What does Dean bring to the book that is different from what you would have done had you drawn it yourself?

It’s very different, I met Dean at Thought Bubble, a festival in the UK, about two, maybe three years ago. But I had known his work before that, I followed his work at Vertigo and was a fan. I really admired his stuff, I felt it was very graphic, very bold style. He also has a sense of strangeness, like he can draw monsters, but with a strange humanity to them. I thought it would be interesting to filter superheroes through that strange dark voice that he has, I knew it would be unique and that it wouldn’t look like a normal super-hero comic. It would look like a strange super-hero comic. It can’t just be a thing I’m emulating, it needs its own voice for sure.

When we see the flashbacks, will different styles emerge?

We’re still very much in the process of deciding how far we go with that. How do we use color? Does he completely alter his drawing style for each era? So those are the creative things we’re sort of in the process of working out. I’m not sure what the answer is yet, as I’ve written two scripts and he’s still in the design stage. We’ll see how it plays out.

Having spent so much time at DC under your exclusive, you’re now spread amongst several different universes per se, is that an overwhelming feeling at all?

It’s fun, I love DC. I grew up reading DC and I have nothing bad to say about my time there. They treated me really great. There’s stuff I’m proud of and stuff I’m not so proud of. That just comes with doing a lot of stuff. It’s cool to play in new playgrounds like the Valiant stuff with new characters and a much smaller universe that I wasn’t familiar with. It’s brand new to me, so that’s fun. And, with this book, I’m creating my own comic book universe that is a combination of my own sensibilities and pulling things from history. It’s not so much overwhelming as it is fun. It’s fun to have fresh starts, new people to work with and new things to play with.

And The Black Hammer is coming in February 2015?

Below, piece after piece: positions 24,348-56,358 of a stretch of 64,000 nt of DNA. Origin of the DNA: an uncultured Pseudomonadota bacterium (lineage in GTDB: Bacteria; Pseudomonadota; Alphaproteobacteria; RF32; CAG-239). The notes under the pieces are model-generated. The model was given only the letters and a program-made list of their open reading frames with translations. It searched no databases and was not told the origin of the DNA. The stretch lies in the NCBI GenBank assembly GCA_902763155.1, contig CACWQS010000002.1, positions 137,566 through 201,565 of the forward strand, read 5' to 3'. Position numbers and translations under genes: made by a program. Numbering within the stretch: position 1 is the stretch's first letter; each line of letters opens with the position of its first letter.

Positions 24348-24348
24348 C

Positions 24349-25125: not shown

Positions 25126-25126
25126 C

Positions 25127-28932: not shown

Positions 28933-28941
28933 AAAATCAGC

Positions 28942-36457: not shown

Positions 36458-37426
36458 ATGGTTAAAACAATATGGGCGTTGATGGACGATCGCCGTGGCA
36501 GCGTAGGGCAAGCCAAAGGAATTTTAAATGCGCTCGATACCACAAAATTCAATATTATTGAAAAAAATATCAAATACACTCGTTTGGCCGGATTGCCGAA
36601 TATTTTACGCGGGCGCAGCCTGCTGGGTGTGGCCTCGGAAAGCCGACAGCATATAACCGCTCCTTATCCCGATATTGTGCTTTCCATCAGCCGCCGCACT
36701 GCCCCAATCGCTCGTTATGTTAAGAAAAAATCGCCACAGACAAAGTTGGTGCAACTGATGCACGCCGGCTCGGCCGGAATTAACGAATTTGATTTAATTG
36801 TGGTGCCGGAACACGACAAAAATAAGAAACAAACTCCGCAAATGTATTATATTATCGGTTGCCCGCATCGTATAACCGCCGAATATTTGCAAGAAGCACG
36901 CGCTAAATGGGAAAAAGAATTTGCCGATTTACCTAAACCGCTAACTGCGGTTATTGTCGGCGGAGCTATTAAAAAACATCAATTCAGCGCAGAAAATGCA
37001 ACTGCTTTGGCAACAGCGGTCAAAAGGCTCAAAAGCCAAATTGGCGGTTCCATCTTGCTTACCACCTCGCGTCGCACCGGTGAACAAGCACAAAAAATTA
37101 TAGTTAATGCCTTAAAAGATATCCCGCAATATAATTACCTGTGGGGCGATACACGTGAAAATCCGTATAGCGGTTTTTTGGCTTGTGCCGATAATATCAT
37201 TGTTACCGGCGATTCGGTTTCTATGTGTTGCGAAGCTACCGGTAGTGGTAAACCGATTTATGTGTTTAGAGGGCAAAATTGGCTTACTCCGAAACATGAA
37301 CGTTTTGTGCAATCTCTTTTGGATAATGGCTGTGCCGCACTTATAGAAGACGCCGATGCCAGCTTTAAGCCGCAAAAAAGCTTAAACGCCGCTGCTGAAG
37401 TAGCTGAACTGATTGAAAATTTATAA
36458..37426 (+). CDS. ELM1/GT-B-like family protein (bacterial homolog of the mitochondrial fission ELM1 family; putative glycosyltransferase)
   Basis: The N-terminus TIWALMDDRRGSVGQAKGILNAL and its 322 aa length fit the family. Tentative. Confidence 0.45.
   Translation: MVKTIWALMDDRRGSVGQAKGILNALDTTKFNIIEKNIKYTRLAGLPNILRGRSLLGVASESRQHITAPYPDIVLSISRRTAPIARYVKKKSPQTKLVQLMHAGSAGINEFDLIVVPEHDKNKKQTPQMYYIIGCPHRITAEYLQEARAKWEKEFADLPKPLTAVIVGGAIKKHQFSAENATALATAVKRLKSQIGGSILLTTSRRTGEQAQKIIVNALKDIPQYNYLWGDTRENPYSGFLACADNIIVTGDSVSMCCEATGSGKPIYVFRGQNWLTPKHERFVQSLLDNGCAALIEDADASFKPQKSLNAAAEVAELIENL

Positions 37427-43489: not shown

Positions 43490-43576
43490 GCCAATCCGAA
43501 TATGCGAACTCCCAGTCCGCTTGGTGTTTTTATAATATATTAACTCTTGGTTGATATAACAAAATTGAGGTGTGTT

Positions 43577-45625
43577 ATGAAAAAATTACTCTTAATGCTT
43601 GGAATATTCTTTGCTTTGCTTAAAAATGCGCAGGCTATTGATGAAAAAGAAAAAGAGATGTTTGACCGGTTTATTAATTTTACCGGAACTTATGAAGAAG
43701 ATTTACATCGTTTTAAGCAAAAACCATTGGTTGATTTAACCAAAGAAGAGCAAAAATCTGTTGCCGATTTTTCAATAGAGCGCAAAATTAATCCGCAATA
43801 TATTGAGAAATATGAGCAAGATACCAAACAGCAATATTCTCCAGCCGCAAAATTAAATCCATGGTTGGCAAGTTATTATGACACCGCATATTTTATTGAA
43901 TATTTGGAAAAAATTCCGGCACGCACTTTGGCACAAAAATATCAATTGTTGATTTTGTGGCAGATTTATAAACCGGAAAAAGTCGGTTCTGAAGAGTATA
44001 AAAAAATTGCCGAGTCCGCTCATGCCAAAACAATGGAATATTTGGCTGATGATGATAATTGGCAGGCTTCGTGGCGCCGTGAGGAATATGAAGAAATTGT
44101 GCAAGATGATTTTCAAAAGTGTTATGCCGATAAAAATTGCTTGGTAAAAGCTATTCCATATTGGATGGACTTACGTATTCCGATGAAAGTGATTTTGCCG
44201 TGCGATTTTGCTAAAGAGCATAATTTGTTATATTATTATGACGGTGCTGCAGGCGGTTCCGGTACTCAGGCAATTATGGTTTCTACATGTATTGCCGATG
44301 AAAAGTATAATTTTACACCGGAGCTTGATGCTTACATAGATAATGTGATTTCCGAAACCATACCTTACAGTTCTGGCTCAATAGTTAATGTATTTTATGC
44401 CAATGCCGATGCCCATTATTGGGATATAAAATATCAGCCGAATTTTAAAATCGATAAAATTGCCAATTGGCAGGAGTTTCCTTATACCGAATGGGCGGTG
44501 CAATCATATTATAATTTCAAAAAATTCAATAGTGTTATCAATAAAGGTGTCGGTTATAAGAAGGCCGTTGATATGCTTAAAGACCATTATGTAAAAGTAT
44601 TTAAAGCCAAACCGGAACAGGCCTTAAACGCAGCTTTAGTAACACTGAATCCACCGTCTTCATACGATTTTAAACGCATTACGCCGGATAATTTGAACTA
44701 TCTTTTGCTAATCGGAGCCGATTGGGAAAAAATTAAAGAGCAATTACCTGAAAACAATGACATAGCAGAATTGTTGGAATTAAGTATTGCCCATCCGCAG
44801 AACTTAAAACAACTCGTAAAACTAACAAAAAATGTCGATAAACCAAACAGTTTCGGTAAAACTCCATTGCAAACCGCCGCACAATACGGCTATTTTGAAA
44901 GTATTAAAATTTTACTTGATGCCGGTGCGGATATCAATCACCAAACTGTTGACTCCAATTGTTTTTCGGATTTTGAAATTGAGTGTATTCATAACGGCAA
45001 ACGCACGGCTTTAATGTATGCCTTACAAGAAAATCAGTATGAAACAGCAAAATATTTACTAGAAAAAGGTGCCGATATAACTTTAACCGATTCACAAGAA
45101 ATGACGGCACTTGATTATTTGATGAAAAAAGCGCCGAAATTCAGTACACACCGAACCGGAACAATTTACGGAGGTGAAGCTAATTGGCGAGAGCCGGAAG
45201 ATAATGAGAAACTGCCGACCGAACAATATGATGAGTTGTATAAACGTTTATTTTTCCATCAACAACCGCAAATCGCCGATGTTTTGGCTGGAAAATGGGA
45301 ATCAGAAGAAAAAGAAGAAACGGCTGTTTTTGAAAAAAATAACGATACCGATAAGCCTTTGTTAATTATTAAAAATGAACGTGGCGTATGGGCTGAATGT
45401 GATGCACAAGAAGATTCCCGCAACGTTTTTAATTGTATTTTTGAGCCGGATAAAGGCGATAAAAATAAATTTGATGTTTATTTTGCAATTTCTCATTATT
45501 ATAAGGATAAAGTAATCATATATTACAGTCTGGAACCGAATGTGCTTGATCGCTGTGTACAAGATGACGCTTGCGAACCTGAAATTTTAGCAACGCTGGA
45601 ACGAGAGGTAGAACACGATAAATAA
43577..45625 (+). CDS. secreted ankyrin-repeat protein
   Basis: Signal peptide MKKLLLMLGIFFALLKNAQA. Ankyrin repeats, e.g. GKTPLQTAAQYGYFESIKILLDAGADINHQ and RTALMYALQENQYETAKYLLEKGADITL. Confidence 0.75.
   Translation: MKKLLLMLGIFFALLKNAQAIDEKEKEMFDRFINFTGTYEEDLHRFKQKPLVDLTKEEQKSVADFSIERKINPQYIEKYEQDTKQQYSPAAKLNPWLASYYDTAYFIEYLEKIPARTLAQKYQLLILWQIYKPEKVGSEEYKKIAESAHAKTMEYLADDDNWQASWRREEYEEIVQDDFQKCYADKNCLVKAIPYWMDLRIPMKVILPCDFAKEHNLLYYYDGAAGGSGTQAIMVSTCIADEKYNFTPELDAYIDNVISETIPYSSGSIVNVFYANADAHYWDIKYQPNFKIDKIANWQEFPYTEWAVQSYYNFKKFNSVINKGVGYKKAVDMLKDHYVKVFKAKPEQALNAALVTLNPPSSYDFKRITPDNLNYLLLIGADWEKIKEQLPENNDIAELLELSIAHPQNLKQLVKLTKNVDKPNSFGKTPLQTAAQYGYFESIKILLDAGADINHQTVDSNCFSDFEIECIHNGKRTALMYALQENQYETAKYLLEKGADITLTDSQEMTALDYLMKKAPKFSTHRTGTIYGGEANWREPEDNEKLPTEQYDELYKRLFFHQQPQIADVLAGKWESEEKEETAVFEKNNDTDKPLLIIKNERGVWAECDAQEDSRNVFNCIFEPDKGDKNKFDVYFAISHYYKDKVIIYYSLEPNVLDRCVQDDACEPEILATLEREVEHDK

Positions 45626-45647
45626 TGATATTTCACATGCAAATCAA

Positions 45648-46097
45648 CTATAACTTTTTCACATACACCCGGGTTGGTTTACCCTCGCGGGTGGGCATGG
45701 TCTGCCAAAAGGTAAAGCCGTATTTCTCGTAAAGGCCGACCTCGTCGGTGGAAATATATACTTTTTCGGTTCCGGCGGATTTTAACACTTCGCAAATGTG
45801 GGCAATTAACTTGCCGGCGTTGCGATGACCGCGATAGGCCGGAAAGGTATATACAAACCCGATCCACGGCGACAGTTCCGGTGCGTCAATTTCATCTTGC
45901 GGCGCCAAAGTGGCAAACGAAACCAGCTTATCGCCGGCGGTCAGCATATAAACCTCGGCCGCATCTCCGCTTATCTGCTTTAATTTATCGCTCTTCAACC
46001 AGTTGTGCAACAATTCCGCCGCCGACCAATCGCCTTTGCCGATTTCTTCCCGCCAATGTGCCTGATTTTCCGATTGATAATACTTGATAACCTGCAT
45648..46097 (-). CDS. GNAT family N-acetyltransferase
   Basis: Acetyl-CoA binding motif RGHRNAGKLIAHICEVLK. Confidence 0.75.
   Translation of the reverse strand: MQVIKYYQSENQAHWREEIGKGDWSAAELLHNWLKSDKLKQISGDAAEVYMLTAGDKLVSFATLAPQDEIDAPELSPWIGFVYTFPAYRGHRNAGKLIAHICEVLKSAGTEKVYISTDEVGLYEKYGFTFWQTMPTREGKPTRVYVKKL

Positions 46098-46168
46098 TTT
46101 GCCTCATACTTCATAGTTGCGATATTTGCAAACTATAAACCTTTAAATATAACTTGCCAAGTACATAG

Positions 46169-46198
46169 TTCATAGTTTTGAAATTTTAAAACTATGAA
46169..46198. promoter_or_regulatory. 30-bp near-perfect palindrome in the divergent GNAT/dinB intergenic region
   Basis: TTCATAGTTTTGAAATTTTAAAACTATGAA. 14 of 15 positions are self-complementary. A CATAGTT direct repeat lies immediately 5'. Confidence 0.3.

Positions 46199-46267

I believe March.

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2. Liked Guardians of the Galaxy? Check out this preview of Thanos: The Infinity Revelation

It looks like Marvel has done the utterly impossible by turning Guardians of the Galaxy—a movie based on an obscure SF team of misfits—in a 90% on Rotten Tomatoes, $65 mil at the BO certified feel good movie of the summer.

And their also releasing a bunch of comics that will keep the characters as fresh on the page as the screen. Among them is Thanos: The Infinity Revelation, a standalone graphic novel by Jim Starlin, the greater of GotG mainstays such as Gamora and Thanos. To make sure movie fans are aware of the book, Marvel has just released a newly lettered preview of the book, which goes on ales next Wednesday, 8/6. The story features Thanos and Warlock in the kind of cosmos battle for life and death Starlin is best known for, with guest stars along the way: the Guardians of the Galaxy, Silver Surfer, the Badoon, the Annihilators and—because this is a book by Jim Starlin—Death.

The book is part of a new line of oversized, original Graphic novels—a genre Marvel hasn’t had much presence in in recent years, but one they are putting some muscle behind. THe book also includes a code for a digital edition redeemable via the Marvel Comics app or online at the Marvel Digital Comics Shop.
Written by JIM STARLIN
Art & Cover by JIM STARLIN
On Sale 08/06/14!








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3. Valiant brings entire library to iVerse



It begins.

We’ve been hearing a ton o’ rumors about comics companies jumping aboard iVerse—probably the second largest dedicated digital comics platform—in the wake of Amazon’s acquisition of Comixology. While Amazon is great at selling books, publishers want to avoid a Hachette-like stand off and other weight throng maneuvers that Amazon is known for. While it’s not clear if iVerse and its ComicsPLus app have the infrastructure standing by to take on a big company, it’s an option…and a good one.

And so, Valiant has just announced that they are bringing their complete library—past and present—to iVerse and ComicsPlus. Titles offered include X-O Manowar, Bloodshot, Archer & Armstrong, Shadowman, Rai, etc. The first issues of the current titles are now available for free just to get you going. The deal runs throughout the month of August.

“Valiant has been consistently producing some of the best comics in the industry since their relaunch in 2012,” said iVerse Media founder and CEO Michael Murphey. “We could not be more proud to make their remarkable catalog and amazing characters available in ComicsPlus.”

In addition to the ComicsPlus app and website, Valiant’s titles will be made available to librarians and their patrons everywhere via the ComicsPlus: Library Edition app, which makes thousands of high-quality titles accessible to school and library patrons on any device, anywhere, and at any time.

“Valiant’s number one priority is to make our characters and content available to the largest audience possible, and, via our new partnership with iVerse, we have an incredibly exciting and important new channel to continue that mission,” said Valiant Publisher Fred Pierce. “With a potential readership that’s measured in the millions, we hope to win over even more fans to some of the most critically acclaimed comic books being produced anywhere today, just as we have month in and month out in comic book stores around the world.”